A further embodiment preferred when functions of few logic products are needed, is as follows. A series of said comparators B.24.14 . . . B.24.17 produce binary signals from pairs of input numbers. These signals go to the inputs of digital comparators, such as B.24.71. At the other input of the comparators, WT, bits are presented. Each comparator produces an output 1 in the output line, such as B.24.73, when the two input words are identical. Gates B.24.74 ORes the outputs of all the comparators and produces the wanted function. Functions can be obtained of as many logic products as comparators are in the circuit.
With a well known technique, comparators B.24.11 . . . B.24.17 can be implemented by the adders such as B.23.51 of FIG. 6, with related connections such as B.23.91. Table 10 refers to such an implementation.
FIG. 18 shows details of the programmable network (FIG. 4) relevant to the transition function. Registers B.1.41, B.1.42 . . . are repeated, subdivided in sections a, b, c . . . ; register B.1.2 is repeated, subdivided in similar sections b, c, d . . . ; B.1.81 is a storage register holding routing prescriptions for the packer; B.1.9 is a storage register for holding information for the packer; B.25.2 and B.25.3 are an adder and subtractor, respectively, connected between B.1.2 and the corresponding register of the packer page-array. The connections that carry several bits in parallel are indicated with the heavy lines. Moreover, B.25.1 is a control circuit that has a combinational part functionally described in TABLE 14, and a sequential part functionally described in the flow chart of FIG. 19.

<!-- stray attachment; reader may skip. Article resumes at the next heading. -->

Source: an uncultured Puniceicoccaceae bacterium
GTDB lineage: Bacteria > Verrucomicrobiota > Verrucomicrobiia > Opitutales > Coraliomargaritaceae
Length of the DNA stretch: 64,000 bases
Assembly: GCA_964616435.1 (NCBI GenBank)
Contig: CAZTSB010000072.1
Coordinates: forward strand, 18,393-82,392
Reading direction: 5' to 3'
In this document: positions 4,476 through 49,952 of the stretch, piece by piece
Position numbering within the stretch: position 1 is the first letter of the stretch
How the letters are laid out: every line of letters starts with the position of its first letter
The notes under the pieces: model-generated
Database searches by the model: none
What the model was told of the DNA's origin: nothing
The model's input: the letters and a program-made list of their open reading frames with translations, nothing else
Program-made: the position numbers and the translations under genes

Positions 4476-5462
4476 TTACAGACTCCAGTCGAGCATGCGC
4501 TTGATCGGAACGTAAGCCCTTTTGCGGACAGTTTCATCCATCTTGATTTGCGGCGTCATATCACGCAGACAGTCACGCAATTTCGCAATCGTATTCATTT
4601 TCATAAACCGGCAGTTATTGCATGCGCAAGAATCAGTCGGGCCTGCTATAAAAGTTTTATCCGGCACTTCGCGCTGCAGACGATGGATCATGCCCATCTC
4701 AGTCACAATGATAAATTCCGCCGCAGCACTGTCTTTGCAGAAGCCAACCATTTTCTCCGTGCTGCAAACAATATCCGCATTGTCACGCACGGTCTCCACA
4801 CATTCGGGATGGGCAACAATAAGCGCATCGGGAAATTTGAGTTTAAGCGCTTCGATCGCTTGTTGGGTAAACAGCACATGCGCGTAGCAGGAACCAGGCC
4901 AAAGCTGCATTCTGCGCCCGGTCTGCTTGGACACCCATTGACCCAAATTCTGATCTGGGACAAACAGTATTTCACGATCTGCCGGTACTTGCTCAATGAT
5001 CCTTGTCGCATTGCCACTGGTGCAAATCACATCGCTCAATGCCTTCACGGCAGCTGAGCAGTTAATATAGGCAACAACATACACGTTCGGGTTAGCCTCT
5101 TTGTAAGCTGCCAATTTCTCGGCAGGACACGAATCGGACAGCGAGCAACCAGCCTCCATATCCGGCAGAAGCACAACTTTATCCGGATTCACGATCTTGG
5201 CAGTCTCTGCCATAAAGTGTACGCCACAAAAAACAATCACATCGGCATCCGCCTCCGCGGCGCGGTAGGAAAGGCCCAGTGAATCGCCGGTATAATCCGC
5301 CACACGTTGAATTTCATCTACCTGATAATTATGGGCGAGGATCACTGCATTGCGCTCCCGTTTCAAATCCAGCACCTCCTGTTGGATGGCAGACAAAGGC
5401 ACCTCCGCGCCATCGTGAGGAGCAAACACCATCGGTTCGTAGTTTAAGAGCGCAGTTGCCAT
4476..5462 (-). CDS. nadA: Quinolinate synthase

At the completion of Function F, registers B.1.41, B.1.42 . . . contain words WT describing the function T, and B.1.2 still holds the initial key word of the present page. B.21 preselects the decoding functions related to the WT words (Section 4.3) and starts the operation of B.25.1. The execution of the transition functions listed in Section 3.3 is described below in reference to FIG. 19, and Table 14. It is understood that the extension words of WT are loaded in sections b, c, d, . . . of registers B.1.41, B.1.42 . . . .